London — Beyond Meat lost more than a fifth of its value on Tuesday as analysts cut their price targets following results that raised questions about rising competition, slowing growth and higher operational costs.

The stock’s lockup expiry also contributed to the weakness.

A boost to the company’s sales outlook might not be enough to impress investors with already elevated expectations for the plant-based burger maker, ahead of a likely increase in near-term competitive pressures, analysts said. The low-end of the revised forecast may also suggest fourth-quarter sales could slow from the third quarter pace, Jefferies analysts said.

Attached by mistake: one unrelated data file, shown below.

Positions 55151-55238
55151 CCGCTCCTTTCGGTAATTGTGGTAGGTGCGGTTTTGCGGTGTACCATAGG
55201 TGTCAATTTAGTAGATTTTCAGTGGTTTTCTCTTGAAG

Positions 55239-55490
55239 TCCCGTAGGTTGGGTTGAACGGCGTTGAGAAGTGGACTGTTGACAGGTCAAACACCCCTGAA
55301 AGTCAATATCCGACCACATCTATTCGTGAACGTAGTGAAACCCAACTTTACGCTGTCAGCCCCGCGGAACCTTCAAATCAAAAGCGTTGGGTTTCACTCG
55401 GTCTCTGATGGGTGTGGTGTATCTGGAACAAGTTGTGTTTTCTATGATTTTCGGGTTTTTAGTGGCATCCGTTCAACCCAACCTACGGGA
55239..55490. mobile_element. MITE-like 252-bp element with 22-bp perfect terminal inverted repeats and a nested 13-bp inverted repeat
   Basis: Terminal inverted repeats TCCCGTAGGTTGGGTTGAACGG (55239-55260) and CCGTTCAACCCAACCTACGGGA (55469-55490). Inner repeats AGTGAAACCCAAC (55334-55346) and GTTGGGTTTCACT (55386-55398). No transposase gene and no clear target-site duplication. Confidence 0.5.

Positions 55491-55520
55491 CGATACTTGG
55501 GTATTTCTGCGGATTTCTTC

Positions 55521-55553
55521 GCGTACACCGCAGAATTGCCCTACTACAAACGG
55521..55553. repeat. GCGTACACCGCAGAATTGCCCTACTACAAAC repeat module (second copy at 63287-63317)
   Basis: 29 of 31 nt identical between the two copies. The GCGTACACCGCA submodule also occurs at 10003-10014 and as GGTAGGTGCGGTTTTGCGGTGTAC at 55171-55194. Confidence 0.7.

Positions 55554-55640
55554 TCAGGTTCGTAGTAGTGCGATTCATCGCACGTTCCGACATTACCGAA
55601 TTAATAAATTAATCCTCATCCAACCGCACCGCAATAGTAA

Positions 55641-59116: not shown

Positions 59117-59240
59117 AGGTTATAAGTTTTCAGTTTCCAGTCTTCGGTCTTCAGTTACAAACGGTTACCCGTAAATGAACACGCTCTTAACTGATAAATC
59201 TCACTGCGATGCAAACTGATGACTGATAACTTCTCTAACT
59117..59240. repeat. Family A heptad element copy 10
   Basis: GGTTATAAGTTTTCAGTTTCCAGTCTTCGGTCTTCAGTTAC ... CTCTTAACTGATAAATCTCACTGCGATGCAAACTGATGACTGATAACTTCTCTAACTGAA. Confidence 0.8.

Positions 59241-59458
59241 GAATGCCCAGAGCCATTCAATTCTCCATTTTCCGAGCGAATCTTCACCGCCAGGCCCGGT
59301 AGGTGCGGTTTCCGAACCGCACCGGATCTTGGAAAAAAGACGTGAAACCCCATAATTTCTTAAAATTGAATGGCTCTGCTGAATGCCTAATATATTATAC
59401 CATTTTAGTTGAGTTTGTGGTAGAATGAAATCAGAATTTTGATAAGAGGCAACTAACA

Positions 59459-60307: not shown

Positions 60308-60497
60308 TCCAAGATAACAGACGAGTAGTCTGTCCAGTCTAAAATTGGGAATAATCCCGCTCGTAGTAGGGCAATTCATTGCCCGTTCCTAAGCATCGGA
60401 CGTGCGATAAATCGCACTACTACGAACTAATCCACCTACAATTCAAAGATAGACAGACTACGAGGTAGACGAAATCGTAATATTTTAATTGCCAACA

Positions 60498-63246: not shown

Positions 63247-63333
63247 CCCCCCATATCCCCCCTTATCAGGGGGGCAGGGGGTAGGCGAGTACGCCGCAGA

Jefferies, Wells Fargo and JPMorgan were among banks that lowered price targets on the stock, according to Bloomberg data.

Results were also overshadowed by Tuesday’s expiration of insider-selling restrictions. Under the arrangement, about 75% of shares outstanding become eligible for sale on Monday, according to an October 28 note from Sanford C Bernstein. Beyond Meat was already down 29% month-to-date ahead of the expiry.

Beyond Meat shares fell as much as 24% to $80 per share in intraday trading in New York on Tuesday. The stock has not traded that low since May 24. Shares have trimmed their post-IPO gains to 237%.

With James Cone.